• how to find objects that look the same from view to view with a classifier
    • Relations
      • break up objects into big, simple parts, find the parts with a classifier, and then reason about the relationships between the parts to find the object.
    • Geometric templates from spatial relations
      • extend this trick so that templates are formed from relations between much smaller parts
applications factory inspection
Applications: Factory Inspection

Cognex’s “CapInspect” system:

Low-level image analysis: Identify edges, regions

Mid-level: Distinguish “cap” from “no cap”

Estimation: What are orientation of cap, height of liquid?

applications face detection
Applications: Face Detection

courtesy of H. Rowley

How is this like the bottle problem on the previous slide?

applications text detection recognition
Applications: Text Detection & Recognition

from J. Zhang et al.

Similar to face finding: Where is the text and what does it say?

Viewing at an angle complicates things...

applications mri interpretation
Applications: MRI Interpretation

from W. Wells et al.

Coronal slice of brain

Segmented white matter

detection and recognition how
Detection and Recognition: How?
  • Build models of the appearance characteristics (color, texture, etc.) of all objects of interest
  • Detection: Look for areas of image with sufficiently similar appearance to a particular object
  • Recognition: Decide which of several objects is most similar to what we see
  • Segmentation: “Recognize” every pixel
applications virtual advertising
Applications: Virtual Advertising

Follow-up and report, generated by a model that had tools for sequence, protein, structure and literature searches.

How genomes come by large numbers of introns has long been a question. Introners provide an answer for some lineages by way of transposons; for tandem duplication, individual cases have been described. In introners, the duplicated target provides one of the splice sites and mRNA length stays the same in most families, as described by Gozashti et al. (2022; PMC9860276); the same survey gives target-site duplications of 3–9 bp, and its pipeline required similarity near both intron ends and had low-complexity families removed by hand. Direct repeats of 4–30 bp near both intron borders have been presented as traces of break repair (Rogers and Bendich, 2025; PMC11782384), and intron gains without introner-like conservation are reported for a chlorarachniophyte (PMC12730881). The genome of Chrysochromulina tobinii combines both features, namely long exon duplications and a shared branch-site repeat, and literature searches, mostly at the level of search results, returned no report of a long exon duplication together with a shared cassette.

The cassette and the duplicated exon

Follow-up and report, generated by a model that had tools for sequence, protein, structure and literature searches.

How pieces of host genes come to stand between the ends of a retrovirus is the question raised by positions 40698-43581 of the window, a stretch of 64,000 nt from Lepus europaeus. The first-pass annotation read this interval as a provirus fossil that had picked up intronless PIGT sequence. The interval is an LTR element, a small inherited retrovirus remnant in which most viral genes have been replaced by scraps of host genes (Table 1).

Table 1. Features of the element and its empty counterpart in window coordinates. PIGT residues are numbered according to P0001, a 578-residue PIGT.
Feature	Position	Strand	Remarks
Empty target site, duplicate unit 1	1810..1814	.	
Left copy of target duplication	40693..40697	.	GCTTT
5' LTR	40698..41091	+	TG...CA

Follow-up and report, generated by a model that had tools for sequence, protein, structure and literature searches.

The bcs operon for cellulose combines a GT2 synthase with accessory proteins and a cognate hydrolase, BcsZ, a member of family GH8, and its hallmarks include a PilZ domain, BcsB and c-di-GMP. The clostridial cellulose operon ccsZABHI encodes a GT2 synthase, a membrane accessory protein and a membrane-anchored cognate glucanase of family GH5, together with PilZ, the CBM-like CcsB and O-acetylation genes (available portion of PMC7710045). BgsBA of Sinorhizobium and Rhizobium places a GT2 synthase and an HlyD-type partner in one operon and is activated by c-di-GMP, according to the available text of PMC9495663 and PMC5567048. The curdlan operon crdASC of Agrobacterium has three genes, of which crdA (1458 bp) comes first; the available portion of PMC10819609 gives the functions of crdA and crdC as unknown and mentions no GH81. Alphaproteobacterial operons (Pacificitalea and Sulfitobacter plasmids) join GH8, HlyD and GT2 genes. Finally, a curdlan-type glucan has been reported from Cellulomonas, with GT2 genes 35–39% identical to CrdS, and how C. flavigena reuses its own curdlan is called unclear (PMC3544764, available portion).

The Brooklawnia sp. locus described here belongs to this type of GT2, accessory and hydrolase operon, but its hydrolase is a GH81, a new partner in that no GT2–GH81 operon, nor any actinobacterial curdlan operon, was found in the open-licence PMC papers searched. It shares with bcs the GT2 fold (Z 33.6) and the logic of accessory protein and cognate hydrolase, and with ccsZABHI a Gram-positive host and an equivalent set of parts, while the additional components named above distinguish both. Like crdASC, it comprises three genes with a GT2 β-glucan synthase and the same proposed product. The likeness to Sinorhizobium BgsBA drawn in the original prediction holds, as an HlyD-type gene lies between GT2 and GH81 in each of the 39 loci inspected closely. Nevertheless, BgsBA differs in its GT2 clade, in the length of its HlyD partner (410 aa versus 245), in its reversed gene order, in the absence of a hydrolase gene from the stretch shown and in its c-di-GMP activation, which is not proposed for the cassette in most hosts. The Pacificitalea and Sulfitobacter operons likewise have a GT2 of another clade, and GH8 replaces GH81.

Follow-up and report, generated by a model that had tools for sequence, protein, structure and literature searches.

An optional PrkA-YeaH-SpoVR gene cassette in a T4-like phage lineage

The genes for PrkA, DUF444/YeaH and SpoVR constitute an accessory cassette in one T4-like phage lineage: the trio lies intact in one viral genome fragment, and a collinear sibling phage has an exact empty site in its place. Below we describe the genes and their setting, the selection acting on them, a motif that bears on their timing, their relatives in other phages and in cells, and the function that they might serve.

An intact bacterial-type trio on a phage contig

courtesy of Princeton Video Image

first down line virtual advertising how
First-Down Line, Virtual Advertising: How?
  • Where should message go?
    • Sensors that measure pan, tilt, zoom and focus are attached to calibrated cameras at surveyed positions
    • Knowledge of the 3-D position of the line, advertising rectangle, etc. can be directly translated into where in the image it should appear for a given camera
  • What pixels get painted?
    • Occluding image objects like the ball, players, etc. where the graphic is to be put must be segmented out. These are recognized by being a sufficiently different color from the background at that point. This allows pixel-by-pixel compositing.
applications inserting computer graphics with a moving camera
Applications: Inserting Computer Graphics with a Moving Camera

Opening titles from the movie “Panic Room”

How does motion complicate things?

cg insertion with a moving camera how
CG Insertion with a Moving Camera: How?
  • This technique is often called matchmove
  • Once again, we need camera calibration, but also information on how the camera is moving—its egomotion. This allows the CG object to correctly move with the real scene, even if we don’t know the 3-D parameters of that scene.
  • Estimating camera motion:
    • Much simpler if we know camera is moving sideways (e.g., some of the “Panic Room” shots), because then the problem is only 2-D
    • For general motions: By identifying and following scene features over the entire length of the shot, we can solve retrospectively for what 3-D camera motion would be consistent with their 2-D image tracks. Must also make sure to ignore independently moving objects like cars and people.